It can be hard to pick between a school but go with where you felt the best and where you want to live. I was not expecting to end up at Kent because I had bigger scholarships at other places, but I instantly loved it on my interview compared to the others.

If you have any specific questions, feel free to reply or to PM me. I'll be honest about my experience. Some of the changes they have made definitely would have been nice to have my year, but I'm just happy to be graduating! This is really just a general overview and at the end of the day, I'd still pick this school. But that does not mean every person would prefer Kent. School is hard..... pick the place where you think you have the highest chance of succeeding!
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I'm also at Kent. It's not perfect but they're receptive in regards to changes necessary for the better. Each year bring its own difficulties but I keep telling myself to keep my nose above the water and continue to swim. If it was easy everyone would be doing it.

All that aside, I do think boards 1st time passed rates in general are student dependent. They're gonna give you everything you need and the information is out there. How you process, internalize and then regurgitate it out when the time comes is all on you.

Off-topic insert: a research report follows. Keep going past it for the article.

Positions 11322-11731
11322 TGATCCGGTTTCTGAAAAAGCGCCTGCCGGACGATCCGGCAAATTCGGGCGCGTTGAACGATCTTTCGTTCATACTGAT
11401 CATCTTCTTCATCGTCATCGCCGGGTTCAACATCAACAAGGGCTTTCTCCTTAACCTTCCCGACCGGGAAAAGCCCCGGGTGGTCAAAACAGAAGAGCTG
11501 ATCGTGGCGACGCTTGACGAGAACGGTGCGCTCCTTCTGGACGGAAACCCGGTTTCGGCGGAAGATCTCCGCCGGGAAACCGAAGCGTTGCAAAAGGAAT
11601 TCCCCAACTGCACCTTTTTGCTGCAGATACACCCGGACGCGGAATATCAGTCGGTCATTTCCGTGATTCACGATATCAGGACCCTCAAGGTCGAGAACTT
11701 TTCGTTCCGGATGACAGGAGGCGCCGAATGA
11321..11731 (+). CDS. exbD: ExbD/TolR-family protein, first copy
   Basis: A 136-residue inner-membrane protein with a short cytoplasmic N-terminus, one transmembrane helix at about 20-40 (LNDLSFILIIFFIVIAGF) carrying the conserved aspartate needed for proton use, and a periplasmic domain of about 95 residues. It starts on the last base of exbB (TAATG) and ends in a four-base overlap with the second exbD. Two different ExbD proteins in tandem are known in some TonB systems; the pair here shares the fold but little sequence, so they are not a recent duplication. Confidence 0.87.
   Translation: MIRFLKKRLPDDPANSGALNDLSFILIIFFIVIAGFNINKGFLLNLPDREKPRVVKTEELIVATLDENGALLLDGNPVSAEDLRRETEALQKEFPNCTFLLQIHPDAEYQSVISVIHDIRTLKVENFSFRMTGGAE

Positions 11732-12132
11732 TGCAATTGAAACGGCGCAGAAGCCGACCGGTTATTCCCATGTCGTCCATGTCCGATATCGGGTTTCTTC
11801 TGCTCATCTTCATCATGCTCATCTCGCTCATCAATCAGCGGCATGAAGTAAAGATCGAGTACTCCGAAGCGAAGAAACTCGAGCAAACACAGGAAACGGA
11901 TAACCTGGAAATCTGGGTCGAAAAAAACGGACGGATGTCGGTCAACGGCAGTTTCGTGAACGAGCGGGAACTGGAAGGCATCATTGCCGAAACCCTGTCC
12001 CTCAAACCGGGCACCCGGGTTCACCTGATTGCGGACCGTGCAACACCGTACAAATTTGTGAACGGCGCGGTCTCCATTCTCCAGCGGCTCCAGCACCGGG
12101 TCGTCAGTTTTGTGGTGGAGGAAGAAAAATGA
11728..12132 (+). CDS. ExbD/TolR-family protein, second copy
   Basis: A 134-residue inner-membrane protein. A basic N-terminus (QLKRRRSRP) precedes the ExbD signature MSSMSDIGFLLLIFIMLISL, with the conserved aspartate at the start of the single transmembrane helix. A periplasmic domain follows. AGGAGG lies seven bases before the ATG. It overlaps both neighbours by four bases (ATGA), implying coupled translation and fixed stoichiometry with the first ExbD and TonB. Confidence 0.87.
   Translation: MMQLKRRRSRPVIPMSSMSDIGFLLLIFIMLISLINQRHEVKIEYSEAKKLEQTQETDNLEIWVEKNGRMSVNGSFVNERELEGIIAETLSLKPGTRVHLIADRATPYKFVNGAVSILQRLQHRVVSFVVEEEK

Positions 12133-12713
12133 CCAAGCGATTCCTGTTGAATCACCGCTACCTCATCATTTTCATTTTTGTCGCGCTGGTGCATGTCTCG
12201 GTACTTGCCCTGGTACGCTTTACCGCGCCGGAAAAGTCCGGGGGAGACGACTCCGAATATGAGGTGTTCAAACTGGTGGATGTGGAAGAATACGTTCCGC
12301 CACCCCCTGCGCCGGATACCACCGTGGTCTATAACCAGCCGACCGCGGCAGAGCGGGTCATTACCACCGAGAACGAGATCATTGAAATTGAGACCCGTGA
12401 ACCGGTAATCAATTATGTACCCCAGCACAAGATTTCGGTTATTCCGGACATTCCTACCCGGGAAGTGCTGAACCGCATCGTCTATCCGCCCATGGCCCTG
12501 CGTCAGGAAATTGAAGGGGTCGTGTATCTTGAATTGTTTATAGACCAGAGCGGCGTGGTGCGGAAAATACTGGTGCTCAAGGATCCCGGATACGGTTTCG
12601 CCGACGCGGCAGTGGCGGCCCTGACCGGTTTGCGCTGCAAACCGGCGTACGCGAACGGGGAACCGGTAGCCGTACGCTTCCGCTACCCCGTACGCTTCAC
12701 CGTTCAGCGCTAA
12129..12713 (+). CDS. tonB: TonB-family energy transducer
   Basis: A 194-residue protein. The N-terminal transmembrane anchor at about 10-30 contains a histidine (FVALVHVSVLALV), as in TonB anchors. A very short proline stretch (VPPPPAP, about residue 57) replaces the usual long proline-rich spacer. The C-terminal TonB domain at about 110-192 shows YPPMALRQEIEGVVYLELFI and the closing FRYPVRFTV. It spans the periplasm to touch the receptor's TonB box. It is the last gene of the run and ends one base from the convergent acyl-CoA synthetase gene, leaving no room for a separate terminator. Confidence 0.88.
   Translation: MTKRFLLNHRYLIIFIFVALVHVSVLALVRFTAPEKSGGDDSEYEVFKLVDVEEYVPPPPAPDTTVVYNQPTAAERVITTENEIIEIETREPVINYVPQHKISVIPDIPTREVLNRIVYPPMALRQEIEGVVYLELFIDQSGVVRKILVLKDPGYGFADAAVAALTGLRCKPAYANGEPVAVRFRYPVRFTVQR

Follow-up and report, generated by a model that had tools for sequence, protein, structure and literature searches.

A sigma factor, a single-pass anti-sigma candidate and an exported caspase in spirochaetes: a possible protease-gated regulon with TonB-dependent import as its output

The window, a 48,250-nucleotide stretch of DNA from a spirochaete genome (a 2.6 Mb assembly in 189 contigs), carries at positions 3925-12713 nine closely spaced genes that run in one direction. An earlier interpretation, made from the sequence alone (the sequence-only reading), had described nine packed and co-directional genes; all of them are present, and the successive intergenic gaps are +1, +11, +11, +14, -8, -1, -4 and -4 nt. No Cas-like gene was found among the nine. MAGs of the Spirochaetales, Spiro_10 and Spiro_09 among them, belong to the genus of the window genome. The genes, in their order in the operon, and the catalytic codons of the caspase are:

I do like the fact that we don't share resources with other programs like DO etc and that it's all in house for us student to use.
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I don't think there are any cons to an integrated education. Some of the best taught courses at DMU are the integrated classes and I personally thought I received an amazing science/medical education that still serves me well.
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I don't think there are any cons to an integrated education. Some of the best taught courses at DMU are the integrated classes and I personally thought I received an amazing science/medical education that still serves me well.
I agree fully. It is better to have integrated for visibility and networking. There is no shortage of people who can watch a lecture, no shortage of library books and journals, and no cadaver shortage if the school has proper resources.

Residencies are where it gets more murky.
Having ortho program or a huge teaching hospital with a lot of MD programs along side the DPM residency has its benefits, but there is also the fact that there are a finite amount of surgery cases, central lines, intubations, ER suturing and fx reductions, etc etc. There is the case for the podiatry programs at small hospital sponsors (+/- FP), medium/lg teaching (some other residency programs, basic MedEd office), or large teaching (ortho, many surg, 100+ total residents running around, full research and MedEd).
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AZCPM student here, all basic sciences are taken with the osteopathic students (similar to DMU). All exams are oriented toward "USMLE and COMLEX" style board questions. In retrospect, I believe this would be more difficult than a non-integrated curriculum.